Latin edit

Alternative forms edit

Pronunciation edit

Etymology 1 edit

Perfect passive participle of augeō.

Adjective edit

auctus (feminine aucta, neuter auctum, comparative auctior); first/second-declension adjective

  1. enriched
  2. enlarged
  3. ample
Declension edit

First/second-declension adjective.

Number Singular Plural
Case / Gender Masculine Feminine Neuter Masculine Feminine Neuter
Nominative auctus aucta auctum auctī auctae aucta
Genitive auctī auctae auctī auctōrum auctārum auctōrum
Dative auctō auctō auctīs
Accusative auctum auctam auctum auctōs auctās aucta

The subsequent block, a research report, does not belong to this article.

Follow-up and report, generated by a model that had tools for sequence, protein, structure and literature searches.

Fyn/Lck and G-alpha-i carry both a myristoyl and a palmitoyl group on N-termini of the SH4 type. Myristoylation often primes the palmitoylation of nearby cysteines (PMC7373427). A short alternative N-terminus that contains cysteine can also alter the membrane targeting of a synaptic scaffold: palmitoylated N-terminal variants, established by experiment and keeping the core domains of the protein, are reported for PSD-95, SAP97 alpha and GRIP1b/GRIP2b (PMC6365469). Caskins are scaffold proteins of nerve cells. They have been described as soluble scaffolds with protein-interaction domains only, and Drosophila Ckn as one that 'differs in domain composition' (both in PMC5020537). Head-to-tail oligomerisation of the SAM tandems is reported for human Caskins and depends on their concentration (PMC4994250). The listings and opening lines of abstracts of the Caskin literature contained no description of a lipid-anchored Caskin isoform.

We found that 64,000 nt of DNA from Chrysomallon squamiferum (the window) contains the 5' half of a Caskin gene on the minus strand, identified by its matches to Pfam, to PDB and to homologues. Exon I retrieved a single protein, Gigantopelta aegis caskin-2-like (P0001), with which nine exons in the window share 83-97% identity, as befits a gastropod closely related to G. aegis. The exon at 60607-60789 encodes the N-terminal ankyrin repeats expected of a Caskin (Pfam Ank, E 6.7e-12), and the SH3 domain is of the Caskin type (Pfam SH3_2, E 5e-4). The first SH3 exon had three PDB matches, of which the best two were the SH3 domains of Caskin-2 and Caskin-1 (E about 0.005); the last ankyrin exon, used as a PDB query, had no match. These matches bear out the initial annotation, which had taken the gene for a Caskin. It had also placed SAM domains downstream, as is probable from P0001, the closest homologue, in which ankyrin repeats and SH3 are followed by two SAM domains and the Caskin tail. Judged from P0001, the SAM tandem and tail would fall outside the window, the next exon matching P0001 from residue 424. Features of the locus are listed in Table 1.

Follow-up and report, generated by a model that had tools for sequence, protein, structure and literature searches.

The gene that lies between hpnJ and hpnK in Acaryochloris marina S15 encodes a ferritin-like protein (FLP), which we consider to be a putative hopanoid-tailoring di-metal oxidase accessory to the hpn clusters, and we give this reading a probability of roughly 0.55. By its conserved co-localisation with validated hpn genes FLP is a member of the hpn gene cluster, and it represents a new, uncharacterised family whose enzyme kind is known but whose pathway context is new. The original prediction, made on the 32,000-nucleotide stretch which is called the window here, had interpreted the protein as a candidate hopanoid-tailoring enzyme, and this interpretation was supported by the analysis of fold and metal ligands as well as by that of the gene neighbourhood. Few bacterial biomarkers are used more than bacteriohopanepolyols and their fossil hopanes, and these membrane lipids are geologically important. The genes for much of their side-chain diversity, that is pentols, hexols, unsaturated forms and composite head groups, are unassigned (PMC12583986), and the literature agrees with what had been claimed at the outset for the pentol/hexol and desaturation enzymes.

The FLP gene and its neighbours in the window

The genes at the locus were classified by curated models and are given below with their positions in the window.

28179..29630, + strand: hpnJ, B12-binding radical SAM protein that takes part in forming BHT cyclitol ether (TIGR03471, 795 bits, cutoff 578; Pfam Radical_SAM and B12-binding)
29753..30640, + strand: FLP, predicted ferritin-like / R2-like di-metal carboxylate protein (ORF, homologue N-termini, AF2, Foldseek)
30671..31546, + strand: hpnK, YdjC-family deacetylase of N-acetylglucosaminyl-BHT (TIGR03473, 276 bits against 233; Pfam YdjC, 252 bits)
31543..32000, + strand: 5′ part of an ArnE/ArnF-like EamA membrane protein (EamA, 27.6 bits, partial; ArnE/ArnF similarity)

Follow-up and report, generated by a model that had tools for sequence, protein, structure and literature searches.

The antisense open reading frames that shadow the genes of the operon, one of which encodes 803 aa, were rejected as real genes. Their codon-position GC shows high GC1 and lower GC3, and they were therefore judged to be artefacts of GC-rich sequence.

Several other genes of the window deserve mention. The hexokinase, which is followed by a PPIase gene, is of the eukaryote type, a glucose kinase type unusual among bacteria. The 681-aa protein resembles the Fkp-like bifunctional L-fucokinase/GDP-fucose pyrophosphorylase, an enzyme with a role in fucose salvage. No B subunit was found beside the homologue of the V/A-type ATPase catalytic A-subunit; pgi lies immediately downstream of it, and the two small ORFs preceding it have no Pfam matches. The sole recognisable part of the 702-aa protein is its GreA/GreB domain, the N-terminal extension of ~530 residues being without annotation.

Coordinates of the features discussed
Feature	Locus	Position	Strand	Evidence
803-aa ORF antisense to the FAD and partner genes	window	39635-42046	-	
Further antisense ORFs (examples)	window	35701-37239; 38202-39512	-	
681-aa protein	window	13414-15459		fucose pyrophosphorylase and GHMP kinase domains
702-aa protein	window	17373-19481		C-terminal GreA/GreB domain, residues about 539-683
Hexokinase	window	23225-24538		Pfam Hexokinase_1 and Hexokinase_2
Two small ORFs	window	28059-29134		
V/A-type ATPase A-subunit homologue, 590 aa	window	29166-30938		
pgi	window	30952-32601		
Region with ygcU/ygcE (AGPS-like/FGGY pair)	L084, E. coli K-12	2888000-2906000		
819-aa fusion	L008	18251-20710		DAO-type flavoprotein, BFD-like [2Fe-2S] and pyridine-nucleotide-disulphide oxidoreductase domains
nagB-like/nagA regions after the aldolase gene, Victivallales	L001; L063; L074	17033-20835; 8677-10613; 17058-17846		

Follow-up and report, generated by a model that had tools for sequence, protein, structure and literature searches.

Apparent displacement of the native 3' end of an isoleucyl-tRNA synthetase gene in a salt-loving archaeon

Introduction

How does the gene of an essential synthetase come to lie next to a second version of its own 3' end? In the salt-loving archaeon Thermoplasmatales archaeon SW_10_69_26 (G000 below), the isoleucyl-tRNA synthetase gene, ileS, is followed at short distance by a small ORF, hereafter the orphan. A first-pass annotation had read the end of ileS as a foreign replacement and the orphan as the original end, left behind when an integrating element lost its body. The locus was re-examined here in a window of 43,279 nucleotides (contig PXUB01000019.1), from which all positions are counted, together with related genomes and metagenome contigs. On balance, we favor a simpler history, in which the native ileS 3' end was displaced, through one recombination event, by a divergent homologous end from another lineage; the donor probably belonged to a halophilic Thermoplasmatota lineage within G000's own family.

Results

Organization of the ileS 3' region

Ablative auctō auctā auctō auctīs
Vocative aucte aucta auctum auctī auctae aucta

Etymology 2 edit

augeō +‎ -tus (forming action nouns)

Noun edit

auctus m (genitive auctūs); fourth declension

  1. increase, augmentation, abundance
    Synonyms: incrēmentum, augmentum
Declension edit

Fourth-declension noun.

Case Singular Plural
Nominative auctus auctūs
Genitive auctūs auctuum
Dative auctuī auctibus
Accusative auctum auctūs
Ablative auctū auctibus
Vocative auctus auctūs

References edit

  • auctus”, in Charlton T. Lewis and Charles Short (1879) A Latin Dictionary, Oxford: Clarendon Press
  • auctus”, in Charlton T. Lewis (1891) An Elementary Latin Dictionary, New York: Harper & Brothers
  • auctus in Gaffiot, Félix (1934) Dictionnaire illustré latin-français, Hachette.
  • Carl Meißner; Henry William Auden (1894) Latin Phrase-Book[1], London: Macmillan and Co.
    • a river swollen by the rain: flumen imbribus auctum